Speaking of, dirt roads are the best. Not for your car, not for mud season, and not for town maintenance budgets, but they are the best. Windows down, sunny day, great music, alone or with friends. See the sights. Go slow. Sing out loud. Wave tailgaters with hurries and worries around you with a friendly paw out the window.
And … speaking of dirt roads, I miss running the interconnecting back roads in Charlotte more than any other physical activity. Checking in every day with duck ponds, cow pastures, and many other meaningful wild encounters eventually turned me into a half marathoner, when in high school you couldn’t have gotten me to run even if there was an ice cream sundae at the finish line. (I’d just go get my own.)
I miss swimming, swimming, swimming holes.
I can’t tell you where the best swimming holes are (it’s against policy), but anywhere you feel moisture in the air, pull over and look for the beaten path.
“Thank you, Champlain Valley, for my strong bones, refined taste, and the fact that, even when younger, I have never met a vegetable I didn’t like.”
I miss the food.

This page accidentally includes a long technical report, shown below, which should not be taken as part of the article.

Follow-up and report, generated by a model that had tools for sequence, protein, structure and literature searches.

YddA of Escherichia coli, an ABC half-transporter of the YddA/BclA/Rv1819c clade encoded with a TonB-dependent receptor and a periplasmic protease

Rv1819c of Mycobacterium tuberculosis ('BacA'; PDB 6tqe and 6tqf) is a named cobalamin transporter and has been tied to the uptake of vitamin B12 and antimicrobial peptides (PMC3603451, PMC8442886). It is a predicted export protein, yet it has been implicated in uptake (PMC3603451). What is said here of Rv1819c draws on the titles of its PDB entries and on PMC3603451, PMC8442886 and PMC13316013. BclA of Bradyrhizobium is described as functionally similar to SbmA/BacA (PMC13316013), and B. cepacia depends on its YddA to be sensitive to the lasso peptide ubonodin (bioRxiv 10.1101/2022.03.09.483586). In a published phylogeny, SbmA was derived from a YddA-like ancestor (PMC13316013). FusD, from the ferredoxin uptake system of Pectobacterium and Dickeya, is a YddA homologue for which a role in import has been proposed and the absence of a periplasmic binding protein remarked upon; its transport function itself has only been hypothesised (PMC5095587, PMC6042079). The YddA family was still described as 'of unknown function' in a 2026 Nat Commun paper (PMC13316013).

Vermonters eat well. I won’t bang on about it, but we do and we should be truly grateful for it. Thank you, Champlain Valley, for my strong bones, refined taste, and the fact that, even when younger, I have never met a vegetable I didn’t like.
I miss general stores.
The corner store was always the post office, the grocery store, the gas station, the hardware store, the video-rental place, the liquor store, and sometimes also your grandparents’ house, all rolled into one. I will run one someday with my fellow elderly girlfriends and boyfriends. Shotguns, lace-up boots, dire wolves and all.
I miss the music in BTV.
Burlington, we have had some wild nights. Thank you for being an elegant hostess during the cocktail hour, a smoldering temptress after dinner, and Mercutio’s dream well into the early morning. My comrades-for-life know who they are and I thank them implicitly for my youth.
Particularly, Reggae Night. Sunday at Nectar’s is my favorite night to dance—pretty much anywhere in the world. I can’t explain it, it’s just the best vibe, and the best people turn out for it. My college roommate Kenny and I used to crank up the tunes while we got ready (after watching True Blood) and then the night was ours. Bless up, VT. Extra shout out to the Nectar’s crew for being the kindest, most fun, and most beautiful people on earth.
I miss the Tunbridge World’s Fair!
Come one, come all to the greatest fair in all the land! See amazing feats of strength (the ox pull), learn how things are really done (watch a log become a hand-hewn beam), see the prized pumpkins and beans and pies and quilts, watch the 4-H club demonstrate their careful and caring animal handling and husbandry skills, but most of all, have a maple sugar doughnut with black coffee first thing in the morning when the mists of Avalon rise all around you.
“I miss creemees.”